Chapter six offers some intriguing experiments to test the hypothesis of an “archetypal realm of pure ideas,” many or most of which are based on early Buddhist practices that have fallen away over the last 1,500 years. Wallace is honest to admit that without prior training, and I’m guessing he means here monastic training in the Tibetan tradition, it could take 5,000 to 15,000 hours to complete his proposed experiments testing the archetypal qualities of the five basic elements (earth, water, fire, air, space). You might see why the scientific community wouldn’t support such a project. And again, I take issue with the notion of a realm of pure archetypal ideas or forms — it’s too anthropocentric to be valid on a cosmological scale.
Wallace’s next theory, A General Theory of Ontological Relativity, borrows from Einstein both in name and in spirit. He is proposing that
[T]here is no theory or mode of observation — no infallible method of inquiry, scientific or otherwise — that provides an absolute frame of reference within which to test all other perceptions or ideas. (70)
This is useful in that what he is really referring to here is the ability to take multiple perspectives (one person’s background theory may be someone else’s foreground theory”). His conclusion, in part, is that there is no way to “separate the universe we know from the information we have about it” (72). From here he brings up the idea of seeing the universe as a giant computer (a favorite — and flawed — metaphor for some physicists). He relies on information theory — all things are information — to support this metaphor. But Wallace rejects this idea and then proposes something even more anthropocentric, that the universe is a giant brain. And here he brings back my initial complaint about his book:
But whether that information exists in a computer, a brain, or a cosmos, we inevitably come back to the same point: meaningful information exists only relative to the act of informing and a conscious being that is informed. (74)
There is no convincing evidence that the universe is information, first of all, and secondly, if this is untrue then there is no need for a conscious being to be informed by it. The universe existed pretty well for 14.5 billion years without any conscious beings that we know about (unless you accept the idea of a “God” of some sort). It’s in this objectivity that theories such as these collapse.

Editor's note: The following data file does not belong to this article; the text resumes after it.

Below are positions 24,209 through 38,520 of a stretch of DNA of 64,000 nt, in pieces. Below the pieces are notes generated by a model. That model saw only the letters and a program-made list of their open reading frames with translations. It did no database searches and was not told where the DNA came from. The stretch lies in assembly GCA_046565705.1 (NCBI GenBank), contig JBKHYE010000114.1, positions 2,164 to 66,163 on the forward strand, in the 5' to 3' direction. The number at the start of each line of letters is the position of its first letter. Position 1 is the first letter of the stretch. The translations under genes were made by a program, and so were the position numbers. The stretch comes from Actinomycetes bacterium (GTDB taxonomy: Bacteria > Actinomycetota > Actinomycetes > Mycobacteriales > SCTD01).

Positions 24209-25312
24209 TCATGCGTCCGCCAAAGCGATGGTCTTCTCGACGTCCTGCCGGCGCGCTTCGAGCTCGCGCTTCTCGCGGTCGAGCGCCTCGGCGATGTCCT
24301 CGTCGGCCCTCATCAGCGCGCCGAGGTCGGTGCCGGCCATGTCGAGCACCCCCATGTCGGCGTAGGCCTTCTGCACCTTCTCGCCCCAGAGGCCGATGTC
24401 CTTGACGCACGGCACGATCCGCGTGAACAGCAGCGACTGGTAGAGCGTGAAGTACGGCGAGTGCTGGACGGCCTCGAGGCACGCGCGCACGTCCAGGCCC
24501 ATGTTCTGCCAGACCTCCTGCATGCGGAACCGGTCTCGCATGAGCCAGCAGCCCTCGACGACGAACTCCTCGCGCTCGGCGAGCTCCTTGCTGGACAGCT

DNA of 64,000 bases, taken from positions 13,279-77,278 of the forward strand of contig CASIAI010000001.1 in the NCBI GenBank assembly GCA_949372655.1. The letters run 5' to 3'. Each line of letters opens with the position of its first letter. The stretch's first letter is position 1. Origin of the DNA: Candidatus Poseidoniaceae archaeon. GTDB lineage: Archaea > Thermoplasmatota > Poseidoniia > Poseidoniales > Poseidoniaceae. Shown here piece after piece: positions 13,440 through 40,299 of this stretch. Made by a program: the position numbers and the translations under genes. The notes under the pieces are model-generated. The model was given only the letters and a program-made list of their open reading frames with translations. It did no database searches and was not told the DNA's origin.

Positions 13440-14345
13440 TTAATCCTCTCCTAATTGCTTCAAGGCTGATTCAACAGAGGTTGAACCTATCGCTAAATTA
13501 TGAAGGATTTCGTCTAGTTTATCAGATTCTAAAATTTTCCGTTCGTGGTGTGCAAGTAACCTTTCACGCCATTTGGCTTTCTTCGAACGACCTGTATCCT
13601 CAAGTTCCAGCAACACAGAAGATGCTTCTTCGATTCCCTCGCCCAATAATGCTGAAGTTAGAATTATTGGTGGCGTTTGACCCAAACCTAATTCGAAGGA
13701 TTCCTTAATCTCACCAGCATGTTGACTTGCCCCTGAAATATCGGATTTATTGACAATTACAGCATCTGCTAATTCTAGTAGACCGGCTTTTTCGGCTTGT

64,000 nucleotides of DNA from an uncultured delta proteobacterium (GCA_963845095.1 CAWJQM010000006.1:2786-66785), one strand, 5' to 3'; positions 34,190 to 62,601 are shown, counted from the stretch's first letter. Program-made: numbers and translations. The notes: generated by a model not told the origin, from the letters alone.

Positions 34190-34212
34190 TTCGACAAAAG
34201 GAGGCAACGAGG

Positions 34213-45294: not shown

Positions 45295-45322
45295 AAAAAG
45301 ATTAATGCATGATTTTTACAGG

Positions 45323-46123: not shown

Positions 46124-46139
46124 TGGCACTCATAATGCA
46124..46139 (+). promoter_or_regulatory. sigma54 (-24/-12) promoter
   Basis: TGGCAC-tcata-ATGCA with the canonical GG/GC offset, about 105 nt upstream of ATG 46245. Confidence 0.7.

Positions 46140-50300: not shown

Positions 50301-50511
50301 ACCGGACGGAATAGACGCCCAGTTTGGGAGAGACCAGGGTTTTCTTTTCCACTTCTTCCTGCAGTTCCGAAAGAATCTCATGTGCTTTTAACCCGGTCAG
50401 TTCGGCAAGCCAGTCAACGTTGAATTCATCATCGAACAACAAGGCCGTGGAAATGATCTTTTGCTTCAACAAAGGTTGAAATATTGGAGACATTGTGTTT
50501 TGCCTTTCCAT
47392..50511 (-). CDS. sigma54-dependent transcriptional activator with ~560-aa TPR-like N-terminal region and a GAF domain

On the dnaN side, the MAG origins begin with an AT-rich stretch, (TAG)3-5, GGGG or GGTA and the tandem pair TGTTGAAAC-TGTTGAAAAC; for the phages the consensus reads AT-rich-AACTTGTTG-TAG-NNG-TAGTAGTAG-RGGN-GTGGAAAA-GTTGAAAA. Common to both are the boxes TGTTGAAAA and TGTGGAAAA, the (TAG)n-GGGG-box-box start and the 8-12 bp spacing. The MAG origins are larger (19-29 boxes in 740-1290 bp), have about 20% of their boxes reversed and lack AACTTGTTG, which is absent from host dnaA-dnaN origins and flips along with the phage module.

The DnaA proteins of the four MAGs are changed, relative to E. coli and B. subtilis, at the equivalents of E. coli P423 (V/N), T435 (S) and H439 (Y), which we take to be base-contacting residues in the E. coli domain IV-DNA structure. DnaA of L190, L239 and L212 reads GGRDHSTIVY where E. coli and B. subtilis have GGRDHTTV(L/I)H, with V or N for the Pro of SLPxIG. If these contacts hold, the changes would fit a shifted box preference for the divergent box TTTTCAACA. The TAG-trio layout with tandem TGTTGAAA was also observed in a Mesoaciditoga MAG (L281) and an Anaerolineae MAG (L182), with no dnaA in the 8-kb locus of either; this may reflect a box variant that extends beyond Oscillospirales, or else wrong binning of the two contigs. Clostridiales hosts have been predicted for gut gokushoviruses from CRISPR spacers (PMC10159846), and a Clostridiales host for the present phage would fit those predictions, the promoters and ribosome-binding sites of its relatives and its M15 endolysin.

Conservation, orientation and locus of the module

Wallace then proposes another option to the measurement problem with the many worlds theory of physics. Beginning with the notion that when a measurement or an observation causes the collapse of the quantum wave function — one possible reality is split off from all the possible realities (this is known as the Copenhagen interpretation) — the many worlds hypothesis claims that the wave function collapse is a subjective experience, and that objectively, all the possible worlds continue to exist. According to Wallace, “This hypothesis raises the possibility that individuals may alter the course of events by their choices, aspirations, faith, and prayers” (83). This line of thought is very close to magical thinking. It might be more realistic to say that individuals may alter their perception of events, but not the events themselves.
The remainder of the book is equally challenging, including a chapter on the semi-annual meeting of the Dalai Lama with distinguished scientists, especially physicists, and a final chapter on the concept of symmetry in physics (the idea that there is a perfect or absolute reality — the “Great Perfection” — that exists independently of the material universe).
While Wallace is arguing for a first-person science throughout the book, he never offers the studies supporting such an approach (for example, Tibetan monks changing their brain patterns depending on the form of meditation they use) — granted, he has made those arguments in other books. But if you want to convince scientists to take up that approach, more detailed arguments in support of it might be useful. In the end, this is a short but challenging book. It requires an ability to think in abstractions, mostly because that is where Wallace is working with this book. If you can suspend your disbelief about some of these anthropocentric ideas — which I could not — then you might enjoy the ride he takes us on as readers. Or, on the other hand, you might just enjoy watching a great mind tackle some of the toughest questions about life, the mind, consciousness, and the universe.